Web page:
Hi Gang: I took last week off and headed up to Kennebunkport, Maine with my family for a week of just doin’ nuthin’. It’s so hot down in Florida, my wife wanted to spend a week someplace where you didn’t break into a sweat just looking out the window, so off to Maine we went.
Although we were there for a week, I only went “shooting” twice (well, technically two and half times, as you’ll read in a moment). Once when we took a one-day trip up to Bar Harbor (about four hours away), and once with my buddies Scott Eccleston and his photography business partner Mark Hensley (both of whom I met on my first trip up there back in July of 2007). Here are a few shots I got along the way (I haven’t gone through all of them—I had a flight to catch).
Above: So there I was—-it was almost sunset, and I’m all alone, paddling down a creek just outside Old Orchard Beach as a came upon this beautiful area of still water. I tried to keep the boat still as not to disturb the still water, I slowly reached for my D3 with a 70-200mm f/2.8 lens. Steadying the canoe with one hand, I did my best to keep my heavy camera still with the other, while a huge snake slithered right along side the canoe, and….aw, who am I kidding—this is a totally set-up shot.
Scott and Mark positioned the rental canoe at the water’s edge for me, while I got down on one knee, with my tripod, in the parking lot and composed the shot so you couldn’t tell I was two feet in front of our minivan. Hey, I had ya going for a minute there, though didn’t I? So, it’s all real, but I wasn’t in the boat, which is a good thing, because I would have capsized it for sure.
Above: This shot above was taken in Bar Harbor one morning. I missed sunrise (which was at 5:45 am), and instead woke up at 7:05 am, got my self together and was out of the room five minutes later while my family was still asleep. Around 7:50 am I drove past this lake and I headed back, pulled off the side of the road, grabbed my gear and headed down to the lake shore. It was kind of a steep climb down through a bunch of slippery rocks and stuff, and sure enough—I fell and slowly tumbled down to the shore. Hit the ground with a thud. Luckily, I was fine (slightly bruised ego, but thankfully no one was around. My camera wedged in between some fallen tree limbs, so it survived too (just a little banged up—like me). At 7:50 am I had long since missed any great light that morning, but I kinda liked the shot anyway (especially since I had to take a fall to get it, so it probably looks a lot better to me than it does to you).
Above: The foggy shot above was taken in downtown Bar Harbor. It was incredibly foggy at 1:00 pm in the afternoon (which is really odd to me, but apparently is very common there), and out of the mist the four mast schooner “The Margaret Todd” came in to the dock, and I snapped this foggy shot (though it was much foggier than it looks here). Just kind of a simple shot, but I like that you don’t see anything else.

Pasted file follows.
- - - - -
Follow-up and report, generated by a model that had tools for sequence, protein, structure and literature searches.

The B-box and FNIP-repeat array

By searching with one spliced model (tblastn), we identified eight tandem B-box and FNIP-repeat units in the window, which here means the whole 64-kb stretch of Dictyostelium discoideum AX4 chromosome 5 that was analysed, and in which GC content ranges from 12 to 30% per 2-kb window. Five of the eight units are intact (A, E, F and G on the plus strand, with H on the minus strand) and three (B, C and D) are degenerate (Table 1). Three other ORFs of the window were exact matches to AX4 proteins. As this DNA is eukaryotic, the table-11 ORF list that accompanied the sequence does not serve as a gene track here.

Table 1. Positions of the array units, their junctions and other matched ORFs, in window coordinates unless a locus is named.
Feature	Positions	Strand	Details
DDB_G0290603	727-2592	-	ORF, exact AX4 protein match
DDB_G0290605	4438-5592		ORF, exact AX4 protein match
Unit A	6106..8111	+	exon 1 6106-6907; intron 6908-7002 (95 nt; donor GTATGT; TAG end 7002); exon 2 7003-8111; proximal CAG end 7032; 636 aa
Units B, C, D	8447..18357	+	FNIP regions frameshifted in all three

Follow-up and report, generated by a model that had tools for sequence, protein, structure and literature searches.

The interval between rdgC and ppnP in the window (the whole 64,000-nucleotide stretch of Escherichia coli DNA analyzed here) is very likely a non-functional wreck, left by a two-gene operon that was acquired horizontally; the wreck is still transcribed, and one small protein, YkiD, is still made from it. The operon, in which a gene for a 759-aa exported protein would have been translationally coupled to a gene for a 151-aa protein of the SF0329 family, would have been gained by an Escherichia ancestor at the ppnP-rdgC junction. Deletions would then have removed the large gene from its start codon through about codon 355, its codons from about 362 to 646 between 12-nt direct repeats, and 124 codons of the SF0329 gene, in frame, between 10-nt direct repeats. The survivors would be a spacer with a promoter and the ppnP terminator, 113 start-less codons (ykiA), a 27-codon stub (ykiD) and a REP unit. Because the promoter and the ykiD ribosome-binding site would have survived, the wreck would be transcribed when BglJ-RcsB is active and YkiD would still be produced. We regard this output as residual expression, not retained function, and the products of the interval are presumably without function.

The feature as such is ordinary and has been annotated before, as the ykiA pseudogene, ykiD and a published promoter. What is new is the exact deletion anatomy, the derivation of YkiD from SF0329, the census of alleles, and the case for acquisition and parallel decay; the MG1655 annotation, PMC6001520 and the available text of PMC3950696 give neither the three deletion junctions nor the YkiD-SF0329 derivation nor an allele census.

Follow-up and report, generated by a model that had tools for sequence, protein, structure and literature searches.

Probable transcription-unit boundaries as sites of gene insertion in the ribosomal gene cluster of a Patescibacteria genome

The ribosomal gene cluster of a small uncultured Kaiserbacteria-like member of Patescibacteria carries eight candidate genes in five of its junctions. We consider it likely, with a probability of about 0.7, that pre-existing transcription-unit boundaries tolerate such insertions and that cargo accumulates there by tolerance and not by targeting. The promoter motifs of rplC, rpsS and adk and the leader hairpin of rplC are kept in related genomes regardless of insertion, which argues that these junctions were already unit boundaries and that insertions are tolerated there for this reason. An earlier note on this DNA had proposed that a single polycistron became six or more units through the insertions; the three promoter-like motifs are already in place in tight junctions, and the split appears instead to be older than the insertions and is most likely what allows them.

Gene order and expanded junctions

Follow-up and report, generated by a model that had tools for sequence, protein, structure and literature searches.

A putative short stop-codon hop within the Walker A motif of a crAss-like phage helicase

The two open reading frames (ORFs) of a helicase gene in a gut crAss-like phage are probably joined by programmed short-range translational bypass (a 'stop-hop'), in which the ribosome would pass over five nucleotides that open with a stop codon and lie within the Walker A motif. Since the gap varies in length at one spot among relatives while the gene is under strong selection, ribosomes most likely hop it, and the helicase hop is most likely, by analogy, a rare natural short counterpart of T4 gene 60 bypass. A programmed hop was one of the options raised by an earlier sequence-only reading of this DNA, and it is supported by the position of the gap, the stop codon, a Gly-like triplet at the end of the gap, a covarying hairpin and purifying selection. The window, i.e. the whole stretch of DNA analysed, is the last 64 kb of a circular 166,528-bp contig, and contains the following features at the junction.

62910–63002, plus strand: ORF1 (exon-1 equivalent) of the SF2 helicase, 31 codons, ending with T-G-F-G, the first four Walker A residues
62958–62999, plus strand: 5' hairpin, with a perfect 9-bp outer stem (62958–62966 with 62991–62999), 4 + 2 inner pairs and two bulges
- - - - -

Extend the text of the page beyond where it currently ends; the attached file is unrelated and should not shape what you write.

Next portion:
Above: There’s a little footbridge near a creek about 15 minutes from downtown Bar Harbor, and I got there right after the sun moved out of the nice cloud cover it had been in all morning. I waited for 45 minutes for it to move back into those clouds, but it never happened so I headed back for breakfast. On our way out of town late that afternoon, I came back, and the sun still wasn’t cooperating, but I snagged this one shot while crossing the bridge, which I thought was kind of interesting.
Above: Toward the end of my stay, I hooked up with Scott and Mark, and they had a connection with a guy who owns an huge abandoned six story old factory, that’s about a hundred years old, and creepy as all get out (Well, only parts were creepy—the parts where we went down in the cobweb covered basement with only my iPhone 4’s flashlight to light the way), but outside of that—it was an amazing place, and I got SO many shots to use as backgrounds. The shot above is a five-shot HDR image toned in Photoshop CS5, and I tried to keep more on the photo realistic side (not totally mind you, but more that way). This place had a ton of old rusty machinery, and old pipes, and it was an HDR love fest. I literally shot more HDR that day than I had all year. It was an awesome place.
Above While we were in the creepy factory, I did a video tip on shooting long exposure HDR shots for Scott’s “WeeklyPhotoTips.com” blog (an excellent blog by the way, which I’ve mentioned here previously—here’s the link—it’s a must visit blog), and the shot above is the image I created during the video tip. I’ll let you guys know when Scott puts the video tip up live). Anyway, when you’re shooting this much HDR you have to push one or two over the limit, right? So, that’s what I did above. I couldn’t help myself. ;-)
Above—here’s the 1/2 shoot part: We were leaving at 12:00 noon on Saturday morning to head to the airport, and it was such a pretty morning that once I was up (around 10:00 am), I thought I would walk into town (about a 15 minute walk from our cottage), and take some shots of the homes along the way. I couldn’t decide whether to take my 14-24mm and capture the entire home, or a 70-200mm and get it tight. I wound up taking the 70-200mm, so my idea of shots of quaint Maine homes, became shots of quaint doorways, and I used Lightroom 3 to put quickly put this 24″ x 10″ multi-photo layout together (it took all of three clicks). It’s far from finished, but I thought I’d give you this “in progress” look in the meantime (click on it for a much larger view).
Once I got back from wandering, it was off to the airport, and we got home by midnight (all, the joys of connecting flights). It was great to get away right before Photoshop World Vegas (since I won’t get much sleep while I’m there), and it was fun reconnecting with Scott and Mark, and enjoying such a wonderful place with my family (the kid’s absolutely loved it!).